In Orkney it required a billet from the Ting to fish the North Shoal. Fishing rights around offshore rocks and skerries were rotated in the local community in both Shetland and Orkney. There was no distinction between land and sea as far as hunting and fishing rights were concerned. Both were divided into infield and outfield. The outer limit of community ownership was the Marrebeke – where the seabed suddenly dropped off, in other words the edge of the continental shelf. These community and individual rights in the foreshore and surrounding sea have never been taken away from the islands.

In other words, there were established rights in the sea, but they belonged to the people of Shetland, not the Crown.

The Crown Estates

The Crown Lands Act of 1866 was the first of the Crown Lands Acts to make specific mention of the bed of the sea. In a report prior to the Act is the following:

'By the common law the shores and bed of the sea and of all tidal navigable rivers below ordinary high-water mark are vested in the Crown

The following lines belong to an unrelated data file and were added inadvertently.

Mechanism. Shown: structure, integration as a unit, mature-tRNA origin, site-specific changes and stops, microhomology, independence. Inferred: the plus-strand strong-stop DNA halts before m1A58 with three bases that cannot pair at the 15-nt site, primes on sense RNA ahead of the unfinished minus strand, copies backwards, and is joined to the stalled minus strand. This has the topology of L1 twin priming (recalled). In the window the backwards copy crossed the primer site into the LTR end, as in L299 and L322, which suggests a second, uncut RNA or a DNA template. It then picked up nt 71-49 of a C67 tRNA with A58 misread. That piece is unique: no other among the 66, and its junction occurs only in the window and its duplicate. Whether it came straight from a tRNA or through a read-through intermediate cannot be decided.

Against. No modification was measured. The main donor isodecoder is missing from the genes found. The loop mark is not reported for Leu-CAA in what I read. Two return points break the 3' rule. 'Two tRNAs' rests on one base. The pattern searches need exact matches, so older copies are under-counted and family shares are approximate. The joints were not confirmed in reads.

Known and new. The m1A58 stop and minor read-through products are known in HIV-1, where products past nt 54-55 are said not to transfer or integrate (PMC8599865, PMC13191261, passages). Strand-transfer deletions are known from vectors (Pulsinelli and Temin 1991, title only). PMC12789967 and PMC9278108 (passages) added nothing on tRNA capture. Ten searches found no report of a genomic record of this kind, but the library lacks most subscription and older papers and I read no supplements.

The right of the Crown is of a two-fold character.

First:—A right of property in the soil ........

Secondly:—A right of jurisdiction ......'

This confirms exactly what I was saying about sovereignty just now. Although the second is applicable in Shetland, the first cannot possibly apply as we've seen.

The Act of 1866 was, for the first time, transferring the rights of the Crown in the sea bed and foreshore from the Commissioner of Woods to the Board of Trade. Later legislation made the transfer to the Crown Estates Commissioners, but this Act sets out what was being transferred in the first place.

In Section 25 it states: 'Nothing in this Act contained shall extend or increase or be construed to extend or increase the Powers or Authorities, Rights or Privileges, of the Crown over the Foreshore, or any Part thereof, but as between the Crown and all other Persons such Powers and Rights shall continue as the same existed before the passing of this Act.'

It is thus clear that the Crown does not own any of the seabed around Shetland. In order for the Crown Estates to have any authority in Shetland, they must be able to point to some legislation that shows they owned the seabed around Shetland before 1866. The Courts, up until 1965 have confirmed this is not the case. Alternatively there must be later legislation to appropriate the seabed around Shetland, which must proceed from the assumption that Shetland is part of the UK. There has been no such legislation. Consequently, and also because the Crown owns no foreshore in Shetland, the 1866 Act can only have applied to England, Scotland and Wales, not to Shetland.